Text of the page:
Lucid Culture

JAZZ, CLASSICAL MUSIC AND THE ARTS IN NEW YORK CITY

Concert Review: Las Rubias Del Norte, Cordero, Hazmat Modine, Karsh Kale and Slavic Soul Party at 92YTribeca, NYC 1/9/09

In a nice diversion from the blizzardy conditions outside, this was a whole summer festival compressed into an evening featuring relatively brief sets from some of the creme de la creme of the New York scene, put together for the booking agents’ convention by upstart Brooklyn label Barbes Records and adventurous San Francisco booking agency Trouble Worldwide.

 

With the angelic, effortlessly graceful harmonies of frontwomen Allyssa Lamb and Emily Hurst, las Rubias del Norte’s all-too-brief set was uncommonly dark and haunting, playing most of their material in minor keys. The band has been characterized here before as the latin Moonlighters, which is true both in the sense that both groups share an effervescent, romantic sensibility defined by their harmonies and a love of diverse styles from earlier eras. Las Rubias used what time they had onstage to explore several of them: bouncy cumbias from Colombia, romantic Mexican baladas and an eerie number that made frequent use of the Asian scale, propelled by Hurst’s agile work on bells. They closed the set with a fast, scurrying Mexican traditional number in 6/8 time.

 

Cordero frontwoman Ani Cordero has an impressively diverse resume, ranging from surf music to the dark atmospherics of Bee & Flower, the ranchera rock of Pistolera and this, her main project, a warmly melodic, catchy rock en Espanol quartet. She’s also become a terrifically compelling singer: the strength and sultry insistence of her low register was particularly striking in contrast with her characteristically warm, airy high notes. Playing her Strat without any effects and just a hint of natural distortion, she led the group through an eight-song set of terse, smartly crafted, upbeat, major-key janglerock with an incisive, thoughtful lyricism. On a couple of tunes she put down her guitar and played tom-tom while the group’s organist provided a minimalist dance groove, which actually got some bodies in the crowd twirling.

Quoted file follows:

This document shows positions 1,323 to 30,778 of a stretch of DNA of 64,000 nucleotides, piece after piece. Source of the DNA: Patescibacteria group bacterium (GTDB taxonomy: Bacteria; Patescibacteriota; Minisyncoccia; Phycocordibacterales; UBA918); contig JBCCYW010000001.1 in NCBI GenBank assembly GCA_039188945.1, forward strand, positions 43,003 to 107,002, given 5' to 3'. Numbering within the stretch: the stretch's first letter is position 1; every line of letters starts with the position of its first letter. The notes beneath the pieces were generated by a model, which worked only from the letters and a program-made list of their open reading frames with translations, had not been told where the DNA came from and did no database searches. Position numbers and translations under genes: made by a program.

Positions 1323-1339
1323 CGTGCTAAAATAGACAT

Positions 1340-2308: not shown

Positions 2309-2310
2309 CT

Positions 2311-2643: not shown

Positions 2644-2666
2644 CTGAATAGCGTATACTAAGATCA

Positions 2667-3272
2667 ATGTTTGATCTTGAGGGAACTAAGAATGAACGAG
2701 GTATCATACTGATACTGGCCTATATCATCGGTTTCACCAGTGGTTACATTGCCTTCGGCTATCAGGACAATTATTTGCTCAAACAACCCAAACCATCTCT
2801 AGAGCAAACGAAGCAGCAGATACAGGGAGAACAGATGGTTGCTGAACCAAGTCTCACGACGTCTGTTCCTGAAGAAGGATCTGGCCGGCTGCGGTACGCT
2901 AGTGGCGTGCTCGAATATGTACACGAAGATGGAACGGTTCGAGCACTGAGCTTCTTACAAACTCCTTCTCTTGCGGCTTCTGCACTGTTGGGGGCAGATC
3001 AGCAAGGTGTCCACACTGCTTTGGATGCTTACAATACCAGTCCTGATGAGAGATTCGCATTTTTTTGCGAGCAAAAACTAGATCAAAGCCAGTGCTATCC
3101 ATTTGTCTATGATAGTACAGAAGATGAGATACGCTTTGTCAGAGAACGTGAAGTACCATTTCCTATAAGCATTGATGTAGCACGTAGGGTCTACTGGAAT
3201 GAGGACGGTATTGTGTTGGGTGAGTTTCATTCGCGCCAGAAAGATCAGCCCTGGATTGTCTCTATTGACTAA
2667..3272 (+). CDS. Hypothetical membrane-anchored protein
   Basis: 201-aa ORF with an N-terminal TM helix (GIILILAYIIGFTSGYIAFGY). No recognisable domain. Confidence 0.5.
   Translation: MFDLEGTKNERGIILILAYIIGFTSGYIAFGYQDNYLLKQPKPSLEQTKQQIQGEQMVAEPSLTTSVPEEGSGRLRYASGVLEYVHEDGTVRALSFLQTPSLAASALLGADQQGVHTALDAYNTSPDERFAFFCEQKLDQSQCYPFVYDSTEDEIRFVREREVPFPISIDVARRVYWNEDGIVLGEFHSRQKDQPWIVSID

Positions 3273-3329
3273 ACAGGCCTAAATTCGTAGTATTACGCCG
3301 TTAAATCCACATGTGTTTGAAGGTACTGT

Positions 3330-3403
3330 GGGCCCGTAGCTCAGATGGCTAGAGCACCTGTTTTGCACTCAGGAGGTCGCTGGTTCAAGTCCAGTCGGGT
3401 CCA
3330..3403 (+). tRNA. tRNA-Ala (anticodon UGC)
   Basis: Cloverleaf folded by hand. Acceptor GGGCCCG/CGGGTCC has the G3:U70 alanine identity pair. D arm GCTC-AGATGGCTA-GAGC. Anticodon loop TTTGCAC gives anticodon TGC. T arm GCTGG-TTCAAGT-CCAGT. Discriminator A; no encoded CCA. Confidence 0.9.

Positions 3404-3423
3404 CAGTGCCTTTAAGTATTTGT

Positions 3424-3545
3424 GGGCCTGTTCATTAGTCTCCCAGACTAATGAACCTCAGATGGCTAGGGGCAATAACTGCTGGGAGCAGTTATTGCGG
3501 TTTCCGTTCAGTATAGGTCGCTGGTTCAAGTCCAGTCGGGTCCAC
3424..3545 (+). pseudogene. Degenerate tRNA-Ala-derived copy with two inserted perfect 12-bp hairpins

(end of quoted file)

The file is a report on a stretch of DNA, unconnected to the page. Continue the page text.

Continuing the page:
With so many bands scheduled to fill a relatively brief block of time, it was perhaps inevitable that one of the bands would get shafted and that band turned out to be Hazmat Modine. Which was too bad: in three songs and less than 25 minutes, they actually managed to energize the crowd. Frontman Wade Schuman – one of the most charismatic bandleaders around – began the show with a harmonica solo, then stopped cold. “You came here to hear music, didn’t you,” he reminded the chatty, restless audience, and suddenly got everyone’s attention. Schuman then resumed his solo, using an effects pedal for an organ tone, perhaps as a nod to the great blues harpist Carey Bell who typically played through a Leslie speaker from a Hammond organ. Then the band – this time including Pete Smith and Michael Gomez on guitars along with Fearless Dreamer’s Pam Fleming on trumpet plus sax, tuba and drums – launched into the fat reggae groove of So Glad, Fleming taking the intensity to redline in a matter of seconds with one of her trademark instant crescendos.

 

Their second song was a hypnotic one-chord oldtimey-style blues that they’d recorded with Tuvan throat singers Huun Huur Tu, a showcase for interplay between the wind instruments and then the guitars, Gomez and Smith interlocking like the gears in some infernal machine, gnashing and grinding everything in their path. The band closed with a surprisingly fast take of the title track to their most recent cd Bahamut, a surreal, calypso-flavored epic featuring a lot of agile baton-passing as the band members each took a brief solo turn. World music personality Karsh Kale’s set was also brief, and happily so: his qawwali-rock hybrid started snoozy, then became oppressive with pointlessly garish heavy metal guitar.

 

Slavic Soul Party’s upcoming Carnegie Hall gig has been sold out for quite awhile, and the nine-piece brass band left no doubt as to why, opening their wild, intense set with a march through the audience, pounding the drums and blasting out a fiery Balkan melody. Their first song onstage was a blistering instrumental romp through a two-chord, chromatically-fueled jam, accordion and then trumpet each taking deftly jazzy solos. The next number started suspensefully, building on a single chord to a march, and then a dance beat, the best solo of the entire evening delivered with unleashed, murderous fury by sax player Greg Squared (who also fronts the terrific pan-Balkan group Ansambl Mastika). They then brought up guest singer Eva Salina Primack, who added dramatic, contralto lead vocals along with plenty of ominous, wailing vocalese. They wrapped up the evening with the title track to their cd Teknochek Collision, an amusing spoof of computerized dance music that bore more than a little resemblance to similarly devious instrumentalists Brooklyn instrumentalists Moisturizer, tuba and horns working in lockstep staccato to mimic the cliched, broken-cd effect so widely used in electronica. Since time was up, the band played their encore the way they’d come in, marching off the stage and back through the crowd with plenty of stops along the way to make sure the party wasn’t over until they were really through. They’ve been playing Barbes every Tuesday at around 9 since god knows when; now’s the time to catch them while they’re still there.

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January 11, 2009 Posted by | Live Events, Music, music, concert, New York City, review, Reviews | , , , , , , , , , , , , | Leave a comment